Back in February last year, some iPhone 6 and iPad users were finding themselves in a quandary after encountering the then mysterious 'Error 53' on their newly bricked devices. Ultimately, the cause of the error was found to be related to third-party repairs or replacements of the smartphone's TouchID sensor. In order to address the issue, Apple issued an iOS update allowing users to restore their affected iPhones to a working state.
However, that's not the end of the story, at least for the Australian Competition and Consumer Commission (ACCC). The competition regulator opened its own investigation after receiving reports relating to 'Error 53' from consumers, many of whom had third-party repairs undertaken on their Apple devices, such as having damaged screens replaced.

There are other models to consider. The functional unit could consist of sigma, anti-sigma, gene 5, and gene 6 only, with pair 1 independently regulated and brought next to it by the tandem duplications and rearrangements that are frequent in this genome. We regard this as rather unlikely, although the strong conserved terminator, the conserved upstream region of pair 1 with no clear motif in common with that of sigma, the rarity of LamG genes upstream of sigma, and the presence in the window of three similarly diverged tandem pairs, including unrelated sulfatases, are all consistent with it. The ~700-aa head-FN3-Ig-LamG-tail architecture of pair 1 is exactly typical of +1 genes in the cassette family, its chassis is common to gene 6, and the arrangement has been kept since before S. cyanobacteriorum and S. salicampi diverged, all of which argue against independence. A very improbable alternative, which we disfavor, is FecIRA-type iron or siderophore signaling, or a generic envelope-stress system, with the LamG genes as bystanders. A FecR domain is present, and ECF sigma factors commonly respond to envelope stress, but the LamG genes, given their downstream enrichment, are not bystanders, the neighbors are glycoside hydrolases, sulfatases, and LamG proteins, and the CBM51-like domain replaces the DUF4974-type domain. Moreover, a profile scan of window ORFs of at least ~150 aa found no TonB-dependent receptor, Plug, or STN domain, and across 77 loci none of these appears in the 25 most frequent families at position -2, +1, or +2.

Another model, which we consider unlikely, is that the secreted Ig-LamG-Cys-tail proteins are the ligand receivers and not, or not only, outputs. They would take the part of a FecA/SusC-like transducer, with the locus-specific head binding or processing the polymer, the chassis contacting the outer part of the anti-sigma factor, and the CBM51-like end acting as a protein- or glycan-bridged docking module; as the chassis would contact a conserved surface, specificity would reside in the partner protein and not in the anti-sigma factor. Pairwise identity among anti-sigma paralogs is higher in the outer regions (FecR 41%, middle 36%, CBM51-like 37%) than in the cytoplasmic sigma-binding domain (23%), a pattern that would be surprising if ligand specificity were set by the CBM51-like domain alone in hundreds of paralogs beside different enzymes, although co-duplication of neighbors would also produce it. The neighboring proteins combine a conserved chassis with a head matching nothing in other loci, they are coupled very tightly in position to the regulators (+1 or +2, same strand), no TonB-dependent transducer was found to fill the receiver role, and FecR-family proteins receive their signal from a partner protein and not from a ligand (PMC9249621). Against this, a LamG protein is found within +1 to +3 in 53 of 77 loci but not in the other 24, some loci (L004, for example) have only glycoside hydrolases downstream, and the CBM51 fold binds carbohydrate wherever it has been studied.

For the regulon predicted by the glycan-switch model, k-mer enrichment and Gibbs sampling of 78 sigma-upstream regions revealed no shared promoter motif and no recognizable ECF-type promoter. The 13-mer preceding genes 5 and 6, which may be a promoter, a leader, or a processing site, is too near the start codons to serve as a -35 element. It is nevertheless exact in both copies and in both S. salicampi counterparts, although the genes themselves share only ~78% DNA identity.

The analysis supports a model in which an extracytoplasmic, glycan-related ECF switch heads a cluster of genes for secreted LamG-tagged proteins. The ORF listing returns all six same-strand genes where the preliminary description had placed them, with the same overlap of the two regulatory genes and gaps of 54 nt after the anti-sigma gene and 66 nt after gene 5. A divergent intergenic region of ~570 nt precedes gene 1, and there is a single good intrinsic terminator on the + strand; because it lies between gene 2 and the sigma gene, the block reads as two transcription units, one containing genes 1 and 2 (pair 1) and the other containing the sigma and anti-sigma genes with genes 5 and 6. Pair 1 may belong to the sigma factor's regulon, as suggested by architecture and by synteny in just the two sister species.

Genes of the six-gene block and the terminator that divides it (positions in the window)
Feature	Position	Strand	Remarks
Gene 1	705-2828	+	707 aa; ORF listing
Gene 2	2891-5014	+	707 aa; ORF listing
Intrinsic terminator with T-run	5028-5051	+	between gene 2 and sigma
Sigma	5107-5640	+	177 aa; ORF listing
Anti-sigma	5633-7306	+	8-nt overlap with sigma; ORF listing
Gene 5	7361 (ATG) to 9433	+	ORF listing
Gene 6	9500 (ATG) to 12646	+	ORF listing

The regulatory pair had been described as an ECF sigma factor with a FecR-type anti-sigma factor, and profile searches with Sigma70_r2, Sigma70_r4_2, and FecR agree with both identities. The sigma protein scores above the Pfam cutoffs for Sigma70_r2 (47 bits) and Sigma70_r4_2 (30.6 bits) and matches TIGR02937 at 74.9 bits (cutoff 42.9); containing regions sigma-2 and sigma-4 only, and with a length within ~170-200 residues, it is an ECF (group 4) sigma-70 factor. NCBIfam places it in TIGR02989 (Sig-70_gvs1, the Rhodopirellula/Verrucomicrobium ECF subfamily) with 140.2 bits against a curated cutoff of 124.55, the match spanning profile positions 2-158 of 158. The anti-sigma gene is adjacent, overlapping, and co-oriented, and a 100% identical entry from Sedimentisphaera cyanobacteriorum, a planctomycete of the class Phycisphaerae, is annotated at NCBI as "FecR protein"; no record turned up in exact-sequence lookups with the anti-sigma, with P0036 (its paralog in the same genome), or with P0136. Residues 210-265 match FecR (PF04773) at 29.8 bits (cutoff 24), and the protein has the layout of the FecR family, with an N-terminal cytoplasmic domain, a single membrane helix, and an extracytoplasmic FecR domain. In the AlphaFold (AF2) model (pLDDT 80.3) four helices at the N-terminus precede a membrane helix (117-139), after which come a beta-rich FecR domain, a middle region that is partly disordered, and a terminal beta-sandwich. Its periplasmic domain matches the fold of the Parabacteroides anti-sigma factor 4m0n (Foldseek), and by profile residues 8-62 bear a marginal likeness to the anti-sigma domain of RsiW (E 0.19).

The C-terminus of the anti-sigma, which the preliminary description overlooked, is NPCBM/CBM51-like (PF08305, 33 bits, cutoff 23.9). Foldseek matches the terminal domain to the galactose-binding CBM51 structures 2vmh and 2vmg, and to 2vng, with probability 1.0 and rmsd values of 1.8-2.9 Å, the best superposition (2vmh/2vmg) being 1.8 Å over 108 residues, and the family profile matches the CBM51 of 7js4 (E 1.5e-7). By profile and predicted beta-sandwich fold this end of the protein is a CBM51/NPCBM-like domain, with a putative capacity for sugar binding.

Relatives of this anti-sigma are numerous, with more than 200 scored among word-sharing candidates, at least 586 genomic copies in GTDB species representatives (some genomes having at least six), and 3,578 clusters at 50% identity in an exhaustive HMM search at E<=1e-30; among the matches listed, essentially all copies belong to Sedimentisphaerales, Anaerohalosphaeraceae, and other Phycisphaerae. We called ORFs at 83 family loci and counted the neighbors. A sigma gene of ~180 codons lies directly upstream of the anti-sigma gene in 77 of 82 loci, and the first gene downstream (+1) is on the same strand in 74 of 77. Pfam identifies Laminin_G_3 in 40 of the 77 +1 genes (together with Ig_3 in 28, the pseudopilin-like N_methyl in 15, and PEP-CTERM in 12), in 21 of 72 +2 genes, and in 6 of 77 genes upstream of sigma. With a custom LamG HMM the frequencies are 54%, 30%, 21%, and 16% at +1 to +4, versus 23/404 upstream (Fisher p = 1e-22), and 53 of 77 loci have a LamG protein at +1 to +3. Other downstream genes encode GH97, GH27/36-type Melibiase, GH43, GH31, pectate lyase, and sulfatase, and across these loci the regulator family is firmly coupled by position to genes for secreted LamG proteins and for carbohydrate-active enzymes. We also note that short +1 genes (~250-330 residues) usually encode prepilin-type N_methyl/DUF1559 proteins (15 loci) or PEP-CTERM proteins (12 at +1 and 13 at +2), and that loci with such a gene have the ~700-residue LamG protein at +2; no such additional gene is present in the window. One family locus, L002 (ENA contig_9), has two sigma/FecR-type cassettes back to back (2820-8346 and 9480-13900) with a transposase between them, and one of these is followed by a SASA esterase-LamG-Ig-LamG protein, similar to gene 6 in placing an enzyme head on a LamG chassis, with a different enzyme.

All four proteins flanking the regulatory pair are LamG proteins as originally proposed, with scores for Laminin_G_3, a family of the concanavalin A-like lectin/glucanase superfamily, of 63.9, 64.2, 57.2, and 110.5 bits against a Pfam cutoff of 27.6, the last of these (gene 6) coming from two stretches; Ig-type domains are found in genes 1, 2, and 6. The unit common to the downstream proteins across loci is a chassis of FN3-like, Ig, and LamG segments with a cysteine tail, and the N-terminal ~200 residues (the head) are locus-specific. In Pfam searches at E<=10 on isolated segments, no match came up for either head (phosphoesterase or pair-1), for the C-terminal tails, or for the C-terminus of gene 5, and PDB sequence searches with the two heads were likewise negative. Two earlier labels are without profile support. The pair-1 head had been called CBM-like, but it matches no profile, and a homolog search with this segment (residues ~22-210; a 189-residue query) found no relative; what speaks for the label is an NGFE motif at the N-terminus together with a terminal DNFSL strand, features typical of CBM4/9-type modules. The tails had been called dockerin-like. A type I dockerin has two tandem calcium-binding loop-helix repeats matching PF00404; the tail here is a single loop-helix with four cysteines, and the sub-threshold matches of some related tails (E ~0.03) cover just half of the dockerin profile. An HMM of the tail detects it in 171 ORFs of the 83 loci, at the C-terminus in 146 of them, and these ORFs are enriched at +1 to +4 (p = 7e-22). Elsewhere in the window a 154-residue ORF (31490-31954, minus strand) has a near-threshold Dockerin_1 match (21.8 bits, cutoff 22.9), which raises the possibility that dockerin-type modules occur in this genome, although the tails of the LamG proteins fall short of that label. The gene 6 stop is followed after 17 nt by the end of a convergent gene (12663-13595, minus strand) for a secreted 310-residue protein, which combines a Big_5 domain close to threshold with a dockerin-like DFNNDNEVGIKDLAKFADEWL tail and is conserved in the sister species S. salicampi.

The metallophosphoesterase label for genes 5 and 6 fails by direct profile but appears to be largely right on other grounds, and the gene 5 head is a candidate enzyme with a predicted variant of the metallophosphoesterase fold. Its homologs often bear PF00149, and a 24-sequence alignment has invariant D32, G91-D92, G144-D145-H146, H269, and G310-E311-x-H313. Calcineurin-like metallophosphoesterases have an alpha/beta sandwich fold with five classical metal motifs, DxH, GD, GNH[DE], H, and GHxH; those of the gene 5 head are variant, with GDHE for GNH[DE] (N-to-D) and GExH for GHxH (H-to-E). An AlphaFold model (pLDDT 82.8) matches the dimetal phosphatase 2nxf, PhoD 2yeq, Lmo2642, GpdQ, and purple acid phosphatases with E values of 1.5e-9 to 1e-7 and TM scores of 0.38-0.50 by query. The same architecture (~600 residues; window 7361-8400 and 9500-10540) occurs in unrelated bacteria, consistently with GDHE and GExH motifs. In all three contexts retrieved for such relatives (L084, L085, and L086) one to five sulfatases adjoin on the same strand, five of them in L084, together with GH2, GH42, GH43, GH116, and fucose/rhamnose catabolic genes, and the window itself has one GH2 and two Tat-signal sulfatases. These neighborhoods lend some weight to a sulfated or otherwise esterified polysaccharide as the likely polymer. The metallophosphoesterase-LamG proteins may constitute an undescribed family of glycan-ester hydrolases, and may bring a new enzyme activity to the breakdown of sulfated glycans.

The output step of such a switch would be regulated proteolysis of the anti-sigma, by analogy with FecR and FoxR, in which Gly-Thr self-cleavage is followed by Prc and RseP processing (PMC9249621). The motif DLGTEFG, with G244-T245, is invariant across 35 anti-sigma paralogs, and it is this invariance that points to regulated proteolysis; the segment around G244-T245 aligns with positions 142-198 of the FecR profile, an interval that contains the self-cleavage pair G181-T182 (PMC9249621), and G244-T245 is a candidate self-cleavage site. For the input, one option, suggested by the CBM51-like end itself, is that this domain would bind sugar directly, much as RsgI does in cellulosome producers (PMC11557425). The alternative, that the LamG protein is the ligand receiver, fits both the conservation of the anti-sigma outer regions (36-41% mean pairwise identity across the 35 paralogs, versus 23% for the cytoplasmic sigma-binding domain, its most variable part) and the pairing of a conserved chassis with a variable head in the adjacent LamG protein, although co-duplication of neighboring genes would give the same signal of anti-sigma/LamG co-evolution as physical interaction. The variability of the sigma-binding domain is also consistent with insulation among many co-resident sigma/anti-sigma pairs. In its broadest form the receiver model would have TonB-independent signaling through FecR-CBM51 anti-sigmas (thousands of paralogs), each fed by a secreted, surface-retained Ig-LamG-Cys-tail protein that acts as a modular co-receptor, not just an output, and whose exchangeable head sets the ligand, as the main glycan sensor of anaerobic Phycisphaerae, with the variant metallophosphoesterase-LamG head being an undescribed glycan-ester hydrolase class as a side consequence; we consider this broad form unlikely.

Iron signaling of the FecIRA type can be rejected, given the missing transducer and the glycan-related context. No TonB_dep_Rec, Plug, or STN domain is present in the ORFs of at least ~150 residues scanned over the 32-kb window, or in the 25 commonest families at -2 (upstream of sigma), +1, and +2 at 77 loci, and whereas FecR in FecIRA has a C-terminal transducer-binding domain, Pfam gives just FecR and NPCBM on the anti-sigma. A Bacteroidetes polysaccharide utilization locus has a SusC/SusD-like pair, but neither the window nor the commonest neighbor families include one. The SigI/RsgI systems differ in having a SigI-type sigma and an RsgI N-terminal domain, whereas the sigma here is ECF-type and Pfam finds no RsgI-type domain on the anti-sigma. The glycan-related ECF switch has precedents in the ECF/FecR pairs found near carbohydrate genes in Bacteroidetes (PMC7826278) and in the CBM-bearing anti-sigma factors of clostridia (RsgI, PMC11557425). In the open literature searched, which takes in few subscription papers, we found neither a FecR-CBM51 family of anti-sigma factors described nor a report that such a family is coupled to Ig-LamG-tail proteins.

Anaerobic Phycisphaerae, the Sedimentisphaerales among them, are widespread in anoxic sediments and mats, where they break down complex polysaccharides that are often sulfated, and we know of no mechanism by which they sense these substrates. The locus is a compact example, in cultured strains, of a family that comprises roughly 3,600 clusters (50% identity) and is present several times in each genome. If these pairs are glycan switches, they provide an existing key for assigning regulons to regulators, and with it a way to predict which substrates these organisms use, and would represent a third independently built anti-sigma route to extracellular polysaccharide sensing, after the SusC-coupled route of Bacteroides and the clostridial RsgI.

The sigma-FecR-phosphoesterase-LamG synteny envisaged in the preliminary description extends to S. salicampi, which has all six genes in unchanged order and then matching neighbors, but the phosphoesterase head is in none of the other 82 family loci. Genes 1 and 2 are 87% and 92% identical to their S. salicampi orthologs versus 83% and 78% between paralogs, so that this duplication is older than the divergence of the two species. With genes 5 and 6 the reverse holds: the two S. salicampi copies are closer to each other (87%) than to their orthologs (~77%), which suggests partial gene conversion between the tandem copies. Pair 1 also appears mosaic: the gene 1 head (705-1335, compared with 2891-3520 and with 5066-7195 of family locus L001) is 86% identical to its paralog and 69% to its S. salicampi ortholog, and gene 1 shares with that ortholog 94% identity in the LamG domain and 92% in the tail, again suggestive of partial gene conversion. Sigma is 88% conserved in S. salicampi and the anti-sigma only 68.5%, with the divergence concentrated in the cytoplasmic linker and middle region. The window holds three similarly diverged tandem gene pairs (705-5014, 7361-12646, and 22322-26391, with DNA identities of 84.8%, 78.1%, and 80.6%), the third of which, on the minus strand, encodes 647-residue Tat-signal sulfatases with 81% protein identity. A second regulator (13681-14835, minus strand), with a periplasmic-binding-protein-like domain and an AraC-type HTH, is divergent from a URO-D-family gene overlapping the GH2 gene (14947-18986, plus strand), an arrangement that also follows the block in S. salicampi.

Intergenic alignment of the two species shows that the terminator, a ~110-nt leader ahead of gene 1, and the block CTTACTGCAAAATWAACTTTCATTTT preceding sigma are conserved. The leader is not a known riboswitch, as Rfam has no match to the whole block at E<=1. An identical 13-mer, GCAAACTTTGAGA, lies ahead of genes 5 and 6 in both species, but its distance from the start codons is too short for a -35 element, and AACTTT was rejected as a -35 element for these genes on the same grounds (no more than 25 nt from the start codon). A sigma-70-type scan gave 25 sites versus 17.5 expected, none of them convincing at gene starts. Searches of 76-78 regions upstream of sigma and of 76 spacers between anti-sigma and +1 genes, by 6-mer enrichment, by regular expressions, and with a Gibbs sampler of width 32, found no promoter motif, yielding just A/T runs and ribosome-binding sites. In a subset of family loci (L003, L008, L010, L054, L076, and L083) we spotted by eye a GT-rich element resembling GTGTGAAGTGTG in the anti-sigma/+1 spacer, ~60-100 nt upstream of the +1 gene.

The ACCC has now alleged that Apple made false representations to owners of affected Apple products, that free remedy was not available to them on the basis that their devices had been repaired by third-party 'unauthorised repairers". In a statement regarding the matter, ACCC chairman Rod Sims sad:
"Consumer guarantee rights under the Australian Consumer Law exist independently of any manufacturer’s warranty and are not extinguished simply because a consumer has goods repaired by a third party,
Denying a consumer their consumer guarantee rights simply because they had chosen a third party repairer not only impacts those consumers but can dissuade other customers from making informed choices about their repair options including where they may be offered at lower cost than the manufacturer."
At present, the ACCC is pursuing "pecuniary penalties, injunctions, declarations, compliance program orders, corrective notices, and costs" from Apple in the Federal Court. The legal action comes just months after Apple announced its intention to oppose 'right to repair' laws being proposed in Nebraska and other US states.